According to the first preliminary Statistics Netherlands [CBS] estimate, the Dutch economy shrank 0.5% year-on-year in Q2 of 2012 as, despite further export growth, household consumption and investments continued to decrease. Consensus Forecasts expects the Dutch economy to shrink 0.7% this year followed by 0.6% growth in 2013. However, it should be noted that the 2013 GDP forecast has been revised downwards on a monthly basis since April 2012.
The weak economic performance is partly due to sluggish private consumption, which decreased year-on-year in 2011 and is expected to shrink further in 2012 and 2013. Consumer confidence remains subdued, as expectations for the economic situation over the next 12 months are still pessimistic with little willingness to spend. This is mainly due to the persistent slump in the Dutch property market. The stock of unsold property has doubled since 2008, and house prices have decreased more than 10% from their peak in August 2008, leaving up to 500,000 people with negative equity. At the same time unemployment has risen to 6.8% in June 2012 and new austerity measures, including a VAT increase, a freeze in civil-service pay, higher health-care contributions, cuts in tax benefits for commuter travel and a rise in the pension age to 67, will hit disposable incomes.
Slowdown of export performance
Strong recovery of manufacturing output in 2010 [+7%] was followed by further growth in 2011 [+3.3%]. Manufacturing production is expected to decrease slightly this year, and then rebound in 2013. Accor- ding to CBS, producer confidence in the manufacturing sector has decreased since early 2012. IHS Global Insight forecasts export growth to slow, from 3.9% in 2011 to 1.7% in 2012.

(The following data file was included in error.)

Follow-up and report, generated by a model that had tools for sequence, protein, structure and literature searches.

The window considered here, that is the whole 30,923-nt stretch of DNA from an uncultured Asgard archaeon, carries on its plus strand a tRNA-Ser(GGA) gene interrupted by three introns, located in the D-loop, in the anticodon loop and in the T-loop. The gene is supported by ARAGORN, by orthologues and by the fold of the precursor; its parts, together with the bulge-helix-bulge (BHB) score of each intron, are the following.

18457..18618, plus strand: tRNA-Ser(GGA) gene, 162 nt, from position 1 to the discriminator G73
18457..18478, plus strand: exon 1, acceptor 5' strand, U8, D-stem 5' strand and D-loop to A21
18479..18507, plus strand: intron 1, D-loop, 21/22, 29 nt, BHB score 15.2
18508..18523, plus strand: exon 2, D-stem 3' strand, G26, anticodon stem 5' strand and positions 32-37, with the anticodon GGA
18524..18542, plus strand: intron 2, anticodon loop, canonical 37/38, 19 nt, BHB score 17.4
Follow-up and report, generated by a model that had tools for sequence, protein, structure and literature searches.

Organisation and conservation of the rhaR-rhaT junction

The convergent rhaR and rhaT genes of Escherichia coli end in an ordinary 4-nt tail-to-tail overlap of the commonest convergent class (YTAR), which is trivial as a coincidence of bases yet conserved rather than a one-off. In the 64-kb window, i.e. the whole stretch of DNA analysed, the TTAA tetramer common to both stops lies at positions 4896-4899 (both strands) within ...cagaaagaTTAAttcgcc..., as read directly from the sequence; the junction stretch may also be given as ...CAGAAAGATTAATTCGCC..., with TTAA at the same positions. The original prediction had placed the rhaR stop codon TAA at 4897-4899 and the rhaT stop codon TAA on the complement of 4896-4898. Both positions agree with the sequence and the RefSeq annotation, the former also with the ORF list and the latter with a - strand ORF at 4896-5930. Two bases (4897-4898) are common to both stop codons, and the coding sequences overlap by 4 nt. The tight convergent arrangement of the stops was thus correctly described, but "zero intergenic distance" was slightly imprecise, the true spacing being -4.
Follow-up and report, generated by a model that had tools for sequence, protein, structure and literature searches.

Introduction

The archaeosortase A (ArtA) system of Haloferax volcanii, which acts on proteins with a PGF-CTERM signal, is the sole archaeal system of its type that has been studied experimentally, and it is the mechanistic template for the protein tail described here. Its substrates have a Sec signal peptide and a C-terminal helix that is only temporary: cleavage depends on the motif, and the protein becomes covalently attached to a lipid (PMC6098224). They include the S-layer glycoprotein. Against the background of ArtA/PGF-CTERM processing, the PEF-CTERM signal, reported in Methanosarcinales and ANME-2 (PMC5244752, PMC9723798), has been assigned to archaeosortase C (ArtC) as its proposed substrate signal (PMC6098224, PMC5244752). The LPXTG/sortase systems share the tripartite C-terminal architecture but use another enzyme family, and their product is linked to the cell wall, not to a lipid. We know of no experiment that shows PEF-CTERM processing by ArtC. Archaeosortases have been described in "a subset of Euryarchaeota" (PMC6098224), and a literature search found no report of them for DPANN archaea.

Gross fixed investment is expected to decline in 2012 after a 5.7% increase in 2011, followed by a modest rebound in 2013. According to CBS, private fixed capital formation has recorded monthly year-on-year decreases since February 2012.
The insolvency environment
According to CBS, during the 2009 recession the number of Dutch corporate insolvencies increased 73.5% year-on- year. The following economic recovery manifested itself in fewer business failures in 2010 and 2011, but insolvency figures were still much higher than their 2007/8 pre-crisis levels. The current economic slowdown has triggered another insolvency increase: In H1 of 2012 business failures rose 24.9% year-on-year, and we expect insolvency cases to exceed 8,000 cases in 2012.
In the first half of 2011, the median Expected Default Frequency [EDF] for listed Dutch companies continued its moderating trend, albeit at a slower rate than in 2010. However, since July 2011 the Eurozone debt crisis has led to deterioration in Dutch EDF: the December 2011 EDF for the Netherlands [4,5%] was 20 basis points higher than in June 2011. In line with the general trend in the first half of 2012 the Dutch EDF improved again, with the June 2012 figure 12 basis points lower than last December, but still higher than in the first half of 2011.
The Expected Default Frequency is based on listed companies in the markets referred to, and the likelihood of default across all sectors within the next year. In this context, default is defined as a failure to make a scheduled payment, or the initiation of bankruptcy proceedings. Probability of default is calculated from three factors: market value of a companys assets, its volatility and its current capital structure. As a guide, the probability of one firm in a hundred defaulting on payment is shown as 1%.
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